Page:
But the judiciary is selected in secrecy, and not elected like our ministers who are theoretically accountable to our MPs. The MPs are in their turn answerable to those who elect them every five years but whether they can make the government accountable is debatable because the Modi government did not consult the Opposition when it introduced three new laws to replace the obsolete Indian Penal Code, 1860, the Indian Evidence Act, 1872 and the Criminal Procedure Code, 1973. Nor did the government consult the farmers before introducing the laws which were later repealed after their prolonged agitation.
But majority governments decide policies for all, which is why an autocracy is called a democracy even though the Opposition alleges it is a mobocracy. This is why during the last session of Parliament, continuous slogan-shouting and a walkout during Prime Minister Narendra Modi’s speech disrupted law-making. But what is surprising is that like the three new laws which were hustled though Parliament without uploading on the government website and inviting suggestions and recommendations, the decision to rename India as Bharat has been taken without prior announcement, taking everybody by surprise.
The decision to rename India as Bharat first came to the fore when invitations for a G-20 dinner invite described Droupadi Murmu as the “President of Bharat”. This precipitated a furore with the Opposition alleging the Modi government wanted to change the name of the country because it chose the acronym INDIA for its alliance.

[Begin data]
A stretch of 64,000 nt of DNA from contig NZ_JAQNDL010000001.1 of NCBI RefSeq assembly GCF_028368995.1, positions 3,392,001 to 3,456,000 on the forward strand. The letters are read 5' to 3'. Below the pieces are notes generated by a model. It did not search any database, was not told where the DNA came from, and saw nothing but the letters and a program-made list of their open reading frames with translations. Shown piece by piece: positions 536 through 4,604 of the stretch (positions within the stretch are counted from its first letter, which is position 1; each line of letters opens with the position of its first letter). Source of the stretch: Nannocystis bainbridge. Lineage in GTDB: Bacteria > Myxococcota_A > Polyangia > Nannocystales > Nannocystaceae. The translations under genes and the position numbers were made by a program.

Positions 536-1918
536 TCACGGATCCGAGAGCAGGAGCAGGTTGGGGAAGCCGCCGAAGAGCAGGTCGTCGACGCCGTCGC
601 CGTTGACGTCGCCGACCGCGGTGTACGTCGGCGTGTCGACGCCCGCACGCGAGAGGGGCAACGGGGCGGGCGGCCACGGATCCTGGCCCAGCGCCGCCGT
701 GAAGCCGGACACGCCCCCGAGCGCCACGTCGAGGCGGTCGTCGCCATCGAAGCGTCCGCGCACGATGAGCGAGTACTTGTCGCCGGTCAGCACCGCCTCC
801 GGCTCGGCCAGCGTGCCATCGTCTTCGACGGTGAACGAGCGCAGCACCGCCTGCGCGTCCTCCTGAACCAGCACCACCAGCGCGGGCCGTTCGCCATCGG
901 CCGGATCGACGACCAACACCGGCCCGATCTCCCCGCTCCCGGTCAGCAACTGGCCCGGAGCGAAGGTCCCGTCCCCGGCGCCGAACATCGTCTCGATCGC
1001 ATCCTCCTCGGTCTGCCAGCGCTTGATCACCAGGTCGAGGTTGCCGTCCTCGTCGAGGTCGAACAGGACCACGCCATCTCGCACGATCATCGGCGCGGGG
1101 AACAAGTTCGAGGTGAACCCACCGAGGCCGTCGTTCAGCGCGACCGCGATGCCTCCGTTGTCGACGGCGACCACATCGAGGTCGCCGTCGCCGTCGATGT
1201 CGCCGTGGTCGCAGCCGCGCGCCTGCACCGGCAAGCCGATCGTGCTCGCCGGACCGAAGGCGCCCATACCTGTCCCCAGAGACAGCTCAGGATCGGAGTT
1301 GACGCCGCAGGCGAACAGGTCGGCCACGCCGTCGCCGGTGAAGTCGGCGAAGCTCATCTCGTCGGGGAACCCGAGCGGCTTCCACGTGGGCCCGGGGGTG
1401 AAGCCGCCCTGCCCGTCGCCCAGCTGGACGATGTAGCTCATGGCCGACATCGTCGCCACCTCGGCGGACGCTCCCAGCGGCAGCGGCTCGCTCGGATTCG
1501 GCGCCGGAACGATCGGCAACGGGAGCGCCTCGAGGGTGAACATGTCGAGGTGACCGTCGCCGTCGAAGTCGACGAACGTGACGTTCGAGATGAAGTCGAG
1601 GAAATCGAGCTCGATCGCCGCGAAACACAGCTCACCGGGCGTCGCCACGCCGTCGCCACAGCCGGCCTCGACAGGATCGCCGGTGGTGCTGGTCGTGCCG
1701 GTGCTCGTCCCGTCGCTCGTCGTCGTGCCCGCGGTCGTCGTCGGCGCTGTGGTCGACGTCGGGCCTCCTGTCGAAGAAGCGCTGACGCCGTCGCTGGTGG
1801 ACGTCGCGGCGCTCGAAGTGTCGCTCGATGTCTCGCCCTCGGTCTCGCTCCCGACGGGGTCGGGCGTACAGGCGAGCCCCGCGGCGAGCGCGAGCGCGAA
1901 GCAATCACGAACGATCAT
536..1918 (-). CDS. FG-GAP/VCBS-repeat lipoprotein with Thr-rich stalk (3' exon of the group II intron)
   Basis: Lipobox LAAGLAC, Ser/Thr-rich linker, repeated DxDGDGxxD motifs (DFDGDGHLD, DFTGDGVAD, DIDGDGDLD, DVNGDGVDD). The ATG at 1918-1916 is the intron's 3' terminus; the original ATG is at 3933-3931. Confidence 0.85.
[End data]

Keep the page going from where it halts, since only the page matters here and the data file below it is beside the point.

A booklet titled: “Bharat The Mother of Democracy” declared that Bharat is the official name of the country which was mentioned in the Constitution as it was first written, and also during the debates of the Constituent Assembly during 1946-48.
It is true that India has been mentioned as Bharat in the Constitution as it was first written and introduced when the country got its Independence. But the Constitution has been revamped with more than 100 amendments, changing its very nature and substance, so that what was originally written has been metamorphosed by majoritarian governments into a document that does not resemble the original. Predictably, the Congress has accused the government of diverting the people’s attention from vital issues such as price rise and rising joblessness with such gimmicks.
In the recently-concluded monsoon session of Parliament, BJP MP Naresh Bansal declared in the Rajya Sabha that the name ‘India’ was a symbol of colonial slavery which should be eradicated from the Constitution. He knew what was to come.
Law is always made by the majority by ignoring the needs of the minority because the priority of both are opposite.
Olav Albuquerque holds a PhD in law and is a senior journalist and advocate at the Bombay High Court